Community Studies: The Pedagogical Uses of Ethnography, Oral History, and Memoir
We observed huge amounts of scrap metal lifted by an immense crane with a "magnet" on the bottom and loaded into enormous "buckets." Greg explained that it was extremely important to distribute the scrap metal evenly; otherwise the crane operator would have a difficult time pouring the buckets into the furnace. An experienced crane operator, Greg realized that the buckets were unbalanced and the crane operator would have to compensate. Becci perceptively compared the process to cooking: "It's like pouring tortellini into a pot of boiling water! You have to put them in slowly or the water will splash out of the pot." We watched as huge cranes opened the "roof" of the furnace and three buckets of scrap were poured in. The furnace, like a massive black volcano, spewed bright sparks of fire (a Fourth of July spectacle); the transformation of the scrap metal into molten steel created a deafening blast. To signal the completion of his task, the crane operator sounded a shrill alarm (like an ambulance siren). Greg joked, "oops...I forgot to bring along earplugs!" By the time we left this department, I had a throbbing headache...
In the tradition of the new social history, oral history, and ethnography, we wanted students to listen to what people had to say, to honor people's narrative truths as well as the documented history and "offical" stories, and in the process, to consider how knowledge and history are constructed, challenged, and reconstructed. History, as Trouillot reminds us, refers to "both the facts of the matter and a narrative of those facts, both `what happened,' and what is said to `have happened'" (Trouillot 1995: 2). The goal therefore was not to finish a "history of Steelton and its people" as the final class project but rather to discover the complexity of "knowing" oneself and "the other" while interacting and producing work that was academically substantive and meaningful to the community. This meant recognizing the overlapping complexities of race, ethnicity, class, and gender both in the present as well as in the past; in oneself as well as the other -- and in the inter/action between the two.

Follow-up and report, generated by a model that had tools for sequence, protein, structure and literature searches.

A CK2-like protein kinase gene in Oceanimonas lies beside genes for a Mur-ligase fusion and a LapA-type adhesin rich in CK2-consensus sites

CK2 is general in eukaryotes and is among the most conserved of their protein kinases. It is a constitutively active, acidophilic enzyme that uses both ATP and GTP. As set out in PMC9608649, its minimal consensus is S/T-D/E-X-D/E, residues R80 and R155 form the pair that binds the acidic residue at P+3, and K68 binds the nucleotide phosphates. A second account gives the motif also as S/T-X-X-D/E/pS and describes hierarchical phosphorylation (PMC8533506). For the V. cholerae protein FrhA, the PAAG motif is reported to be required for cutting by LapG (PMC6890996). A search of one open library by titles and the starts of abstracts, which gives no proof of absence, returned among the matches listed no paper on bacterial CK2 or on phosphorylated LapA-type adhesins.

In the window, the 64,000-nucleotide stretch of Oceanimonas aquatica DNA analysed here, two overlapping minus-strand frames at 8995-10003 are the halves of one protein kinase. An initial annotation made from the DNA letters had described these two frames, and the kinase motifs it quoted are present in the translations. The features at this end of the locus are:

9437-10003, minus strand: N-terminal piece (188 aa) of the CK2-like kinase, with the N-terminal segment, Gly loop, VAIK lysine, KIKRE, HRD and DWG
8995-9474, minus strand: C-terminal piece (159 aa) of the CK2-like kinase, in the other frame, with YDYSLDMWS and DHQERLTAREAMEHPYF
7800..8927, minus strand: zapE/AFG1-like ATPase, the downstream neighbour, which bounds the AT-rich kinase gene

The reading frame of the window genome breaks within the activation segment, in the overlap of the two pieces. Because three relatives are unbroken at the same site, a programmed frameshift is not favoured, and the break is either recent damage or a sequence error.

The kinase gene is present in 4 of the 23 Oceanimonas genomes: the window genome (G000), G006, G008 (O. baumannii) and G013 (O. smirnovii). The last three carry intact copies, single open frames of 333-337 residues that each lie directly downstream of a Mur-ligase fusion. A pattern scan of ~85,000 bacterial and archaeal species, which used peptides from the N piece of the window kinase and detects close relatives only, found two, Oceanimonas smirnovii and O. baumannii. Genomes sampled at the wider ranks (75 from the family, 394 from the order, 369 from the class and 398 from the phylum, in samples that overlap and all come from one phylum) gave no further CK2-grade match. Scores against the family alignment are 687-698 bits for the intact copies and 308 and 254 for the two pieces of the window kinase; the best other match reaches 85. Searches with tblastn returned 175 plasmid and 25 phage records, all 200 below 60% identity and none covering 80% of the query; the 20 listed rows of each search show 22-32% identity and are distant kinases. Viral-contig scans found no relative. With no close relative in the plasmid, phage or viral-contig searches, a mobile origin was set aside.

As a way of introducing students to the study of "communities" and various fieldwork methodologies, we spent the first six weeks reading other ethnographies (Lynds' Middletown, Jay McLeod, Ain't No Makin' It, Jonathan Kozol, Savage Inequalities; Kai Erikson, Everything In Its Path, John Bodnar's Steelton, Homestead...); research guides (Michael Agar, The Professional Stranger, Wolcott, The Art of Fieldwork, Valerie Yow, Oral History, selections from Earl Babbie's The Practice of Social Research and Patton's chapter "On Interviewing;" Linda Shopes and Karen Olsen's "Interviewing Working Class Women and Men"); screening and critiquing relevant video documentaries ("Struggles in Steel," "Coal Miners"); and engaging in initial forays into the community of Steelton. The first writing assignments included writing an autobiographical essay and a participant-observation paper of a church service. Excerpts from the second paper illuminate the power of experiential learning and the importance of establishing interest in and rapport with those with whom you are collaborating.
Rose, Susan D., "Community Studies: The Pedagogical Uses of Ethnography, Oral History, and Memoir" (2003). Dickinson College Faculty Publications. Paper 229.
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